Adults were three times more likely to play out when they were young, than children are today… released by Play England:
71 per cent of adults played outside in the street or area close to their homes every day when they were children, compared to only 21 per cent of children today.
There has been a decrease over the past thirty years in children’s access to the streets and outdoor areas near their homes. Increasingly their independent mobility is restricted by traffic and fear, which in turn causes them to spend much of their time indoors or at organised activities. The combination of an increase in vehicles on the roads, increased parental anxiety, and restrictions on children’s mobility in the form of child curfews and anti-social behaviour orders has reduced children’s outdoor play opportunities.
The qualitative research reported included focus groups with young people aged between eight and 18. From which comes this scary piece of news:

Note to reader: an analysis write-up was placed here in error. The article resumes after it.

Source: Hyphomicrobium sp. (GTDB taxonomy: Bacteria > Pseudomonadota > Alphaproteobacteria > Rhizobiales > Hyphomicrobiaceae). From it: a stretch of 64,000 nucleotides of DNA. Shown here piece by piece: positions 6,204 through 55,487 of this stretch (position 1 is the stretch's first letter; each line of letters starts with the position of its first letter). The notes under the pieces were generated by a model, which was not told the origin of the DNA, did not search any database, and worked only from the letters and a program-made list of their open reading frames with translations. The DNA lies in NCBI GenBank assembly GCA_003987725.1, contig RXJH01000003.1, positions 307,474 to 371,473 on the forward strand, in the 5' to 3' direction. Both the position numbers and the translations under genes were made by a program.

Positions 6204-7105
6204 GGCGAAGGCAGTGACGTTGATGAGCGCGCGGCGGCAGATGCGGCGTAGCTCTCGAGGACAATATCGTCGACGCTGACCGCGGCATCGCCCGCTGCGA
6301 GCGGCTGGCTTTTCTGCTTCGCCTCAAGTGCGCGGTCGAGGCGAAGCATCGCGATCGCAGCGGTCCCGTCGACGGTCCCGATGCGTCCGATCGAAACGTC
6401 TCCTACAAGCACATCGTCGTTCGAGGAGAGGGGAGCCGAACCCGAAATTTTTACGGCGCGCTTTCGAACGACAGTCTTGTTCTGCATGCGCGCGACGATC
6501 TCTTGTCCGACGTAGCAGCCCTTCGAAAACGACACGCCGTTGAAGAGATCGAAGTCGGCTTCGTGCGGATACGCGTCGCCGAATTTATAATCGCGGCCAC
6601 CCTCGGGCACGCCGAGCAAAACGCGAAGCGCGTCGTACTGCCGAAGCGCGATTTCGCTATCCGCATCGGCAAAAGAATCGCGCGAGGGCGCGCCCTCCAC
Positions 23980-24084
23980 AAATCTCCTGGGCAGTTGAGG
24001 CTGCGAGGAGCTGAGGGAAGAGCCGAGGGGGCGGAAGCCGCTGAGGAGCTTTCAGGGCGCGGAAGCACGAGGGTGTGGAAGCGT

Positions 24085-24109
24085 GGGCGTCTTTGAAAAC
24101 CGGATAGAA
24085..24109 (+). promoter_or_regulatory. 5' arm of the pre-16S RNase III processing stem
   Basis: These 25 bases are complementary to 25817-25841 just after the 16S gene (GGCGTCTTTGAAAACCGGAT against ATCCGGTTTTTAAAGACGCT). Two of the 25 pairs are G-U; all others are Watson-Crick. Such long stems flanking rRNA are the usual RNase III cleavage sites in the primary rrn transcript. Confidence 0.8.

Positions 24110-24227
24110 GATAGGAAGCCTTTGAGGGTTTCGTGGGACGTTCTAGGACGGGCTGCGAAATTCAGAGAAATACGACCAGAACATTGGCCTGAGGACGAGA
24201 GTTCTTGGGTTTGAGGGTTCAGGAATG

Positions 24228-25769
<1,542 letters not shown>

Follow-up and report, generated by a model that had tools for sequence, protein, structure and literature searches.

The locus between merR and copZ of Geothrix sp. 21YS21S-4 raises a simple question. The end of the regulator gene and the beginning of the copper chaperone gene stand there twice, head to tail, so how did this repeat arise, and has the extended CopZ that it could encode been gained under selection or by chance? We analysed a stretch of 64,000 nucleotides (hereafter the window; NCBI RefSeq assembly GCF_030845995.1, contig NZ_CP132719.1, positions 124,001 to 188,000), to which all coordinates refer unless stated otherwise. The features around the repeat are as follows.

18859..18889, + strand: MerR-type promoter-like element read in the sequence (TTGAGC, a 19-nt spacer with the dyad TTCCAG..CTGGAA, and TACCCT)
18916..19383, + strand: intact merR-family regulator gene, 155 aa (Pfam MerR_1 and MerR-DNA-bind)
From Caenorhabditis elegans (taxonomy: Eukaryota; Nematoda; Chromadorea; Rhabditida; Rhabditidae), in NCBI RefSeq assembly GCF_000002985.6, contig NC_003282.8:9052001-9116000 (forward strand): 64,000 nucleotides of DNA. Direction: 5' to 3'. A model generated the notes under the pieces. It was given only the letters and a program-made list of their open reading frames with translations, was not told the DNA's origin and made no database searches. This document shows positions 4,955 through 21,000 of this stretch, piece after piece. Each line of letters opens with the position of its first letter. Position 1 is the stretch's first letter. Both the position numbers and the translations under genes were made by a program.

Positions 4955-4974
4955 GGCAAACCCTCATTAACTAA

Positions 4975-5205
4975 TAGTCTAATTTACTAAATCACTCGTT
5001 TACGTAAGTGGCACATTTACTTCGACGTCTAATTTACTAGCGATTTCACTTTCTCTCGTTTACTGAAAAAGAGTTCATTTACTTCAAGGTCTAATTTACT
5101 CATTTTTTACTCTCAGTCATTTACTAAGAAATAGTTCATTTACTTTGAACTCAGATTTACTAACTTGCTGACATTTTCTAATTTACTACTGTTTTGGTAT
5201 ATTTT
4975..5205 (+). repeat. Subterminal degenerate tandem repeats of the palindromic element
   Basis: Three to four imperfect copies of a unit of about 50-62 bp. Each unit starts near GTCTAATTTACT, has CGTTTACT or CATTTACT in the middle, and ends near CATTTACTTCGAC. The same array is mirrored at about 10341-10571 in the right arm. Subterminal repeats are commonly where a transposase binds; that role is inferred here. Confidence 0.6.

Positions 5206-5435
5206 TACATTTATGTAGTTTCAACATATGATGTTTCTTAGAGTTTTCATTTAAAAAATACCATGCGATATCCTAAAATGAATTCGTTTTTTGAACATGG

Ten of the participants said that they never played outside on the streets and areas near their home.
That’s ten out of 64 participants. And in the light of my recent note about the importance of unstructured time, this point is noteworthy:
In all the groups, children and young people said that having the freedom to choose what to do, and where to spend time, particularly in contrast to time spent in school, was very important. Even the youngest children talked about having this freedom and time away from parents and adult supervision.
This is all about England, but it sounds not too dissimilar from the ol’ U.S. of A. While I’m tempted to launch into a lengthy piece that starts with “When I was a boy… ” – I’ll instead just add my hearty “hear, hear!”
I don’t have anything beyond intuition to back this up… but I believe that Front Porch Forum works to reverse this unsettling trend. That is, a neighborhood with a thriving online FPF forum becomes a friendlier, more neighborly place, where parents get to know their neighbors over time and thus become more comfortable turning their kids out to play. Maybe I’m wrong… but it’s just this kind of thing that motivates us to make FPF work for more and more communities.